“Oh God! she is dying,” exclaimed Jack in a voice suffocated by emotion. “Forgive me—oh, forgive me!”
“Forgive you—bless you!” she gasped.
A cold shiver ran through her frame, and her gentle spirit passed away for ever.
“Oh, God! that I might die too,” cried Jack, falling on his knees beside her.
After the first violent outbreak of grief had in some degree subsided, Thames addressed him.
“You must not remain here,” he said. “You can render no further service to your poor mother.”
“I can avenge her,” cried Jack in a terrible tone.
“Be ruled by me,” returned Thames. “You will act most in accordance with her wishes, could she dictate them, by compliance. Do not waste time in vain regrets, but let us remove the body, that we may fulfil her last injunctions.”
After some further arguments, Jack assented to this proposal.
“Go on first with the light,” he said. “I will bear the body.” And he raised it in his arms.
Just as they reached the end of the passage, they heard the voices of Jonathan and the Jew in Thames’s late place of confinement. Wild had evidently discovered the body of Quilt Arnold, and was loudly expressing his anger and astonishment.
“Extinguish the light,” cried Jack; “turn to the left. Quick! Quick!”
The order was only just given in time. They had scarcely gained the adjoining cellar when Jonathan and the Jew rushed past in the direction of the vault.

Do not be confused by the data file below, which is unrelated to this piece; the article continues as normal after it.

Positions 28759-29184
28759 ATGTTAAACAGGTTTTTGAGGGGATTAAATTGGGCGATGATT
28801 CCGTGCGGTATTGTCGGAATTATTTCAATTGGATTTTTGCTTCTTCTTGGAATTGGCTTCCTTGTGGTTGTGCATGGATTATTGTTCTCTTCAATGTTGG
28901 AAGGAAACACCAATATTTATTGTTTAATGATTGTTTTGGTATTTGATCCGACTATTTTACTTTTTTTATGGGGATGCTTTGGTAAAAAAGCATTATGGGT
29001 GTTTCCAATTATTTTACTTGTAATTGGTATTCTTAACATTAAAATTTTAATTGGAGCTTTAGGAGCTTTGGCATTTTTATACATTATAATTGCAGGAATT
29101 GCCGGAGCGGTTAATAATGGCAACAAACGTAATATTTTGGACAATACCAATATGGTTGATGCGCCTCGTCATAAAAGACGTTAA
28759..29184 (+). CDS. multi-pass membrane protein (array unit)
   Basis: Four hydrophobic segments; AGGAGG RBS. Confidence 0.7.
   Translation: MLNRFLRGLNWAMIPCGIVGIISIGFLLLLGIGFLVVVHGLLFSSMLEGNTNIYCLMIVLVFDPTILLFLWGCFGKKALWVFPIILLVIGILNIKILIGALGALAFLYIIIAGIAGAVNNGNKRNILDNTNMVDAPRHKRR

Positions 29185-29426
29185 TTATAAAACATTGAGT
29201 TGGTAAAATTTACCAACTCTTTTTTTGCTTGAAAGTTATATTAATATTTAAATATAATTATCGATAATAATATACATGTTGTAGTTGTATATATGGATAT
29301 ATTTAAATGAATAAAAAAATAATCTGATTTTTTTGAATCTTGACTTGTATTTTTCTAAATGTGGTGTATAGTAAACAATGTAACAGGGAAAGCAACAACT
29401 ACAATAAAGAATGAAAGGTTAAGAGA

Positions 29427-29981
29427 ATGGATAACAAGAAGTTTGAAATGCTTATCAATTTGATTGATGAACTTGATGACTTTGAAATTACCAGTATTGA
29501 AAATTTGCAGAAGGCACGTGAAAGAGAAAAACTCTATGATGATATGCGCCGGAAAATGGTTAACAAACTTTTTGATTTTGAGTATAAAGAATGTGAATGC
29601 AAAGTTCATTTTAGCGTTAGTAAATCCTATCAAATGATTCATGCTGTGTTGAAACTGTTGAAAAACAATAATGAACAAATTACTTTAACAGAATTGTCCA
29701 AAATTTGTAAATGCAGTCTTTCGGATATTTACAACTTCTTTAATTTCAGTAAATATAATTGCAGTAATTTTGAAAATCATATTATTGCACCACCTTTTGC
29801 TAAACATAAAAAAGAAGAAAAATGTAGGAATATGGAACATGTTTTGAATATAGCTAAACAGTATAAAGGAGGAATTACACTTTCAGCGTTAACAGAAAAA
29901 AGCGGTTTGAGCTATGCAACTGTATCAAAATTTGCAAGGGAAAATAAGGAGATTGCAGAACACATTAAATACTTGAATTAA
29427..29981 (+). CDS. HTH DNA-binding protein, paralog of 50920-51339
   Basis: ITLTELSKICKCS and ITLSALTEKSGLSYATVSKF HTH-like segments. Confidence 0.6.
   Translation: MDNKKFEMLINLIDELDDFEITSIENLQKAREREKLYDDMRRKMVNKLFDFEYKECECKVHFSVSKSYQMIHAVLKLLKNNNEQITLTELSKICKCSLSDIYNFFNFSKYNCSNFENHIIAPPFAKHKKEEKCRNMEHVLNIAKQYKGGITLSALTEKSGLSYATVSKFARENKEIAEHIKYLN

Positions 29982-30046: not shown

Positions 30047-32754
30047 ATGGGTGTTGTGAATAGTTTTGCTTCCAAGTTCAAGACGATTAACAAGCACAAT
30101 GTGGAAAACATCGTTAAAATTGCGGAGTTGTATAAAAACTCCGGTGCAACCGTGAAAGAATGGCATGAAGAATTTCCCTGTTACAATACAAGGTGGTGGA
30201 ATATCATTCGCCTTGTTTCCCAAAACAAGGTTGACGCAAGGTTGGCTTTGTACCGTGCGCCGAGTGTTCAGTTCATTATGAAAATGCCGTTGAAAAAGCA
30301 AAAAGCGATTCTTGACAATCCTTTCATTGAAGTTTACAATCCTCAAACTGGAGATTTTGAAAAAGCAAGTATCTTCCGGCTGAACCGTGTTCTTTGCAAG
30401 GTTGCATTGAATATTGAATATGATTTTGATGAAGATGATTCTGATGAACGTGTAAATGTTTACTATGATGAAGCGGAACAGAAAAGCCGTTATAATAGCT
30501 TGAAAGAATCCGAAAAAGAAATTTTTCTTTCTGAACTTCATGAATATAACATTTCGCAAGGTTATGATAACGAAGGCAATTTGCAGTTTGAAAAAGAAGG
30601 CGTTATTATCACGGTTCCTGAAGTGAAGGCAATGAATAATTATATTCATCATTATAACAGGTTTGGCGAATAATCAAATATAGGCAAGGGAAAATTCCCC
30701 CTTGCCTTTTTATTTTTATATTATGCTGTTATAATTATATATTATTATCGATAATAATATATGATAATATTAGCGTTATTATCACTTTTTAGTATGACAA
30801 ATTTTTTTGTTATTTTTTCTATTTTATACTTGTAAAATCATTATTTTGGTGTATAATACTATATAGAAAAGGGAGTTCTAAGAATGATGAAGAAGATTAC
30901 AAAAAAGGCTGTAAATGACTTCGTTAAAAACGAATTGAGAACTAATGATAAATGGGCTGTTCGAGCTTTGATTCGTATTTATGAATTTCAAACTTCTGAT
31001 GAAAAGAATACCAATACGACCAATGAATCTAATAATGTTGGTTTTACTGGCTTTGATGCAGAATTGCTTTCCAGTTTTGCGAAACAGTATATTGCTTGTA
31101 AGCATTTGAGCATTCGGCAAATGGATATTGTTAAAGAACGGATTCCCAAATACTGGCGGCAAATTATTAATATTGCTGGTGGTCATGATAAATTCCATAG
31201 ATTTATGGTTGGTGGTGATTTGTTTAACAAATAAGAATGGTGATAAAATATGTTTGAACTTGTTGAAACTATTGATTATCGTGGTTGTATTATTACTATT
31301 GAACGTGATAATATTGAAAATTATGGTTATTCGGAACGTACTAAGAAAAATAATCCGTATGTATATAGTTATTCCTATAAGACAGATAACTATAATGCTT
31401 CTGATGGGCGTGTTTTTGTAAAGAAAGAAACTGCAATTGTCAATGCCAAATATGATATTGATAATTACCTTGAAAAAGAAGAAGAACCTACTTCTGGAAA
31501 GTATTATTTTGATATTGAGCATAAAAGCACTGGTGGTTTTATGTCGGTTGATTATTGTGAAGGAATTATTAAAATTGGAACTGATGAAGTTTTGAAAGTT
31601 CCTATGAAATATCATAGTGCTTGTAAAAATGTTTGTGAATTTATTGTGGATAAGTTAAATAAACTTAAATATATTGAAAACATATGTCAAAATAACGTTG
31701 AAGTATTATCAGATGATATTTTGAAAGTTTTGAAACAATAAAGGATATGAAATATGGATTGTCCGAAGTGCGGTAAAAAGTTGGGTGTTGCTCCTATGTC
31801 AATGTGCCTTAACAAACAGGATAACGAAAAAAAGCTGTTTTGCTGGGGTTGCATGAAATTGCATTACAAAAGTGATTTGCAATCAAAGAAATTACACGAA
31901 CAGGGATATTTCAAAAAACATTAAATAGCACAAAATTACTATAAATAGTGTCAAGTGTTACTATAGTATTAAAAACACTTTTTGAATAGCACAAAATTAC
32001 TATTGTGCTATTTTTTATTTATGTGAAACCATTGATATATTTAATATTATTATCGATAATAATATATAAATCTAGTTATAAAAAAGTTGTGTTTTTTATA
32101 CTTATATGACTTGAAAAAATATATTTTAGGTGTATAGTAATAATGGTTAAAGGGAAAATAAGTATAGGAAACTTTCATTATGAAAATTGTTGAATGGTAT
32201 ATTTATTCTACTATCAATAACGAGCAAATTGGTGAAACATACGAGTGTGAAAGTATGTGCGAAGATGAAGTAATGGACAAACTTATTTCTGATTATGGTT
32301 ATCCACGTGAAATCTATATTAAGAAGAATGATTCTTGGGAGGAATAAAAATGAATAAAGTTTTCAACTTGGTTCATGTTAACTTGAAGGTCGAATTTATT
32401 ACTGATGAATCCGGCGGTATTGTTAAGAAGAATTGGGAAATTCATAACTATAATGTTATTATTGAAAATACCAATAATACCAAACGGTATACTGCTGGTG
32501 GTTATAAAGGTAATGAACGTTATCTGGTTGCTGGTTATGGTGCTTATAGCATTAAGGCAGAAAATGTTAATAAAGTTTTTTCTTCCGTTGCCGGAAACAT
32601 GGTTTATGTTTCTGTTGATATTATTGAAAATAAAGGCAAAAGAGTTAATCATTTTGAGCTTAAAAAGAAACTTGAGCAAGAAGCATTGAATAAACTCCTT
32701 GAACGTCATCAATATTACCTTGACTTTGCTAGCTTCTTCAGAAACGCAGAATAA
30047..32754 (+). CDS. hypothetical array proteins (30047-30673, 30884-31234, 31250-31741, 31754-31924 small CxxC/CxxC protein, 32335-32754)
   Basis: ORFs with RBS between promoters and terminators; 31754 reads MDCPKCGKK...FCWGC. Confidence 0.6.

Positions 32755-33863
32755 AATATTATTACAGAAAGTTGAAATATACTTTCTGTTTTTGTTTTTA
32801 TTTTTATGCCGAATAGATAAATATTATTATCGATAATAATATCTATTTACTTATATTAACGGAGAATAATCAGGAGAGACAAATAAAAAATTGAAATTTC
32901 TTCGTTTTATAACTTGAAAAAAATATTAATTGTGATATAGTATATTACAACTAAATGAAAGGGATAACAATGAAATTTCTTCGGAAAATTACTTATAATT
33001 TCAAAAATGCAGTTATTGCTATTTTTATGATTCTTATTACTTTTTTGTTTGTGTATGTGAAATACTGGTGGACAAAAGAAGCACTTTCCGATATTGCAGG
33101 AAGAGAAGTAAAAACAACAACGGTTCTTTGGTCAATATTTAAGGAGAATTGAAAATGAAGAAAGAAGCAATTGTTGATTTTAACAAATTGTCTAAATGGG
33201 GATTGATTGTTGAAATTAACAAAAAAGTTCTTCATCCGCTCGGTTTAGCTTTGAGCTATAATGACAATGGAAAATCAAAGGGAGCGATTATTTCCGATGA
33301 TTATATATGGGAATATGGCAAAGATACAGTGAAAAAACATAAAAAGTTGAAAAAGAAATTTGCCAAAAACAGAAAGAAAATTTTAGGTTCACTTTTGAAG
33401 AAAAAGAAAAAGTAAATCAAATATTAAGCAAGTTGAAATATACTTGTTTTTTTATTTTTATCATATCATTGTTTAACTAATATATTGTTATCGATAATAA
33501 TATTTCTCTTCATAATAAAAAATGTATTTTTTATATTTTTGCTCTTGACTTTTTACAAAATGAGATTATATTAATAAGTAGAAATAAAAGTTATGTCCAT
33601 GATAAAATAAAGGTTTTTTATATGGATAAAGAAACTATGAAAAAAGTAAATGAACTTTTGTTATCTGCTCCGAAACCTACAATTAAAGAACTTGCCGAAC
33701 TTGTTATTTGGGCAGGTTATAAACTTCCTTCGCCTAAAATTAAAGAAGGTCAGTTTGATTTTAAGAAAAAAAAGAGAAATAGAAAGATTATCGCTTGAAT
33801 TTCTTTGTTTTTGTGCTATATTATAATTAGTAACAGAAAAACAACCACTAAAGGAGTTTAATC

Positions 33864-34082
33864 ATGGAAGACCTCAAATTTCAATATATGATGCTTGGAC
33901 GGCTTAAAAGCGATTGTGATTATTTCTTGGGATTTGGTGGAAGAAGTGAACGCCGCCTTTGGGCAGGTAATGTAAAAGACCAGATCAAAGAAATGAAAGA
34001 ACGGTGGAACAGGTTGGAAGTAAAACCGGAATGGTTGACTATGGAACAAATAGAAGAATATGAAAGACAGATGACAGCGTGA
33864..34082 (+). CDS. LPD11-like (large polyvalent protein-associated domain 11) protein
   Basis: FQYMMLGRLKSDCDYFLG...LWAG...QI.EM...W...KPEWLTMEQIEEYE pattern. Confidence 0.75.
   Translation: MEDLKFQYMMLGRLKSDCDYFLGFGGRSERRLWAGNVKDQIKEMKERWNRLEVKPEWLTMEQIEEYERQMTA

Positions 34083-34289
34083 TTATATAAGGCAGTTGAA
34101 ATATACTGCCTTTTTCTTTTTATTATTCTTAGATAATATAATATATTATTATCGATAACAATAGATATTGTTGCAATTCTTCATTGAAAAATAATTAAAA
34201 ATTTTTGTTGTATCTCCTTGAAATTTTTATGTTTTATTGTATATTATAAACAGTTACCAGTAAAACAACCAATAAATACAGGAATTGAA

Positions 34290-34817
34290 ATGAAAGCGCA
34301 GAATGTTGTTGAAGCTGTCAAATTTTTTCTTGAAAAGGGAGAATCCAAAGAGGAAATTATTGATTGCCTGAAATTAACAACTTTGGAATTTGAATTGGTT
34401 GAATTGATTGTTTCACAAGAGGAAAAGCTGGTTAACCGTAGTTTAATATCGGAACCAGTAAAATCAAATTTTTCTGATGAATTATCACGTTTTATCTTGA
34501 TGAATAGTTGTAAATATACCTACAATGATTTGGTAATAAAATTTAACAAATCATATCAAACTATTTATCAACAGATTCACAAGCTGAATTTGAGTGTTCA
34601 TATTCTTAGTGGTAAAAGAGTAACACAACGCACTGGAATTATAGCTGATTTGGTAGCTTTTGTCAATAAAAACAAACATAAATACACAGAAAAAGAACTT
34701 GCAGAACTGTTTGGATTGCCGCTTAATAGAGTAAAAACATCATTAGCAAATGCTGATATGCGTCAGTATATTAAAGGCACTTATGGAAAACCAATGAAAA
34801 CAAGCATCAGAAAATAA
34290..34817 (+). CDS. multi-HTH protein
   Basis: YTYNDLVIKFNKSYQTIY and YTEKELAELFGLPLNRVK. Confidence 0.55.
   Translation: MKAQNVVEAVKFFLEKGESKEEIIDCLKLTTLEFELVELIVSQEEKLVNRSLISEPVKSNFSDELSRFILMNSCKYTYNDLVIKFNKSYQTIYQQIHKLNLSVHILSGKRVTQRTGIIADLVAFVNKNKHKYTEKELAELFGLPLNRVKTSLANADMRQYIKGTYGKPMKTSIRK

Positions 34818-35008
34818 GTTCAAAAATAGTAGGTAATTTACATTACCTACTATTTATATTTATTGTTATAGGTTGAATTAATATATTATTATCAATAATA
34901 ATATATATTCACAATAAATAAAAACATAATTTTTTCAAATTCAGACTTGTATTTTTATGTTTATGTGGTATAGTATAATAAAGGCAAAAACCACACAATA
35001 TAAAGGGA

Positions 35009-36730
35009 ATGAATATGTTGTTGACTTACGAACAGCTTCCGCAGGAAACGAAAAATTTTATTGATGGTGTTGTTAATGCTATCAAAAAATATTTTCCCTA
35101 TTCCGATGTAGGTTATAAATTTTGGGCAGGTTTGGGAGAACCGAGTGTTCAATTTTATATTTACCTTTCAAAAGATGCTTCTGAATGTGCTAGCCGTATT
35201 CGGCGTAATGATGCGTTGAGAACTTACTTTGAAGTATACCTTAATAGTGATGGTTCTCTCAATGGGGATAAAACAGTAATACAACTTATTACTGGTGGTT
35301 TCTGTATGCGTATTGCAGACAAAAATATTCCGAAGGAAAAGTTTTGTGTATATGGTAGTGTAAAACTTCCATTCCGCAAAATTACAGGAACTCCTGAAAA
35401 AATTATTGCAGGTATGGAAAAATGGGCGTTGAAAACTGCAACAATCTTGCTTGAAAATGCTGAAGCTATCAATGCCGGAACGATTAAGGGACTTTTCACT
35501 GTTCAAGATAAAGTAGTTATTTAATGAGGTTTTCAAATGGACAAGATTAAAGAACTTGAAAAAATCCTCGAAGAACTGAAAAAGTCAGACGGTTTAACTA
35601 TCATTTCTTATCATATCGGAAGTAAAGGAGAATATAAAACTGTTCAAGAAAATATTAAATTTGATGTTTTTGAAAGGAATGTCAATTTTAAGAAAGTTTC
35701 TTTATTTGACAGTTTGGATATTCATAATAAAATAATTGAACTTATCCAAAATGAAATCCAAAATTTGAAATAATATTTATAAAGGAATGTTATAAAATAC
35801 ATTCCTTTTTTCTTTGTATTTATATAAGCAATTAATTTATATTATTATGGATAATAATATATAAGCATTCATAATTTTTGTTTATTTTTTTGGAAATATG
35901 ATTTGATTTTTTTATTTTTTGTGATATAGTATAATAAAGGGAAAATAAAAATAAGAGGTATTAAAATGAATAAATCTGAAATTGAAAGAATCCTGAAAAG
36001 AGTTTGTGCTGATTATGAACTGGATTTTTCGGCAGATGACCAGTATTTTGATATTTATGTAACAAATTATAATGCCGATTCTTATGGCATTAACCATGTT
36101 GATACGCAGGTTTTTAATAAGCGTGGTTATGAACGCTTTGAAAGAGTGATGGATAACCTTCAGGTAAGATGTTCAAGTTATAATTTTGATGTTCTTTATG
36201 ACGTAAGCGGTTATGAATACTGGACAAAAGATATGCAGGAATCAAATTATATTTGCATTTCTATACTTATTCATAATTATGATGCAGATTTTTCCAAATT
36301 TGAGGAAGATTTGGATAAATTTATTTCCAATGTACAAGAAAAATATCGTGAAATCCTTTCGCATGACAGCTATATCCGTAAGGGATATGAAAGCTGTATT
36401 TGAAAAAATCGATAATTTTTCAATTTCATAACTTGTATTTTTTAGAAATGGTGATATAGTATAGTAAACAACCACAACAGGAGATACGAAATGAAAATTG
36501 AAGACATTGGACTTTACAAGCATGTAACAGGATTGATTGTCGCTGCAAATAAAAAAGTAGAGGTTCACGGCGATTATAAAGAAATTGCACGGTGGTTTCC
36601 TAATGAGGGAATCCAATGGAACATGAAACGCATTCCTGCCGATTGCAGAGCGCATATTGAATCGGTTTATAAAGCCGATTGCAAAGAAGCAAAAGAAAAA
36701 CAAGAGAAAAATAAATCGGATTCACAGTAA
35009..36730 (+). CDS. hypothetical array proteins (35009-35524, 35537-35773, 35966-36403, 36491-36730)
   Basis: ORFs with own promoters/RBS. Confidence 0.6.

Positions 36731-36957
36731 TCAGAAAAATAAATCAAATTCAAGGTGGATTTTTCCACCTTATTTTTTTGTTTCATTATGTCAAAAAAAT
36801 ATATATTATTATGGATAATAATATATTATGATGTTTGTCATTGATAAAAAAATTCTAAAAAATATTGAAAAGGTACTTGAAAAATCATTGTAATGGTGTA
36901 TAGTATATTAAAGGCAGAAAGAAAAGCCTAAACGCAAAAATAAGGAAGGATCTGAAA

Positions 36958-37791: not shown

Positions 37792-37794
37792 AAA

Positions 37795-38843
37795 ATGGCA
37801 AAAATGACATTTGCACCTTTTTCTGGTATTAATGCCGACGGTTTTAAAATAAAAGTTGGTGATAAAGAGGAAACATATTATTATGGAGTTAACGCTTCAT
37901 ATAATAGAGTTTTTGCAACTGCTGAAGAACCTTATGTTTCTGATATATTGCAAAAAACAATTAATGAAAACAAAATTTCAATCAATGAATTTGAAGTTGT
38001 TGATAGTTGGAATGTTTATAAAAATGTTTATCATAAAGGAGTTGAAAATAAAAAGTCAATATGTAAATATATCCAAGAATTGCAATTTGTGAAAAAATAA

“Not a moment is to be lost,” cried Jack: “follow me.”
So saying, he hurried up stairs, opened the back door, and was quickly in the yard. Having ascertained that Thames was at his heels, he hurried with his ghastly burthen down Seacoal Lane.
“Where are you going?” cried Thames, who, though wholly disencumbered, was scarcely able to keep up with him.
“I know not—and care not,” replied Jack.
At this moment, a coach passed them, and was instantly hailed by Thames.
“You had better let me convey her to Dollis Hill,” he said.
“Be it so,” replied Jack.
Luckily it was so dark, and there was no lamp near, that the man did not notice the condition of the body, which was placed in the vehicle by the two young men.
“What will you do?” asked Thames.
“Leave me to my fate,” rejoined Jack. “Take care of your charge.”
“Doubt me not,” replied Thames.
“Bury her in Willesden churchyard, as she requested, on Sunday,” said Jack. “I will be there at the time.”
So saying, he closed the door.
The coachman having received his order, and being offered an extra fare if he drove quickly, set off at full speed.
As Jack departed, a dark figure, emerging from behind a wall, rushed after him.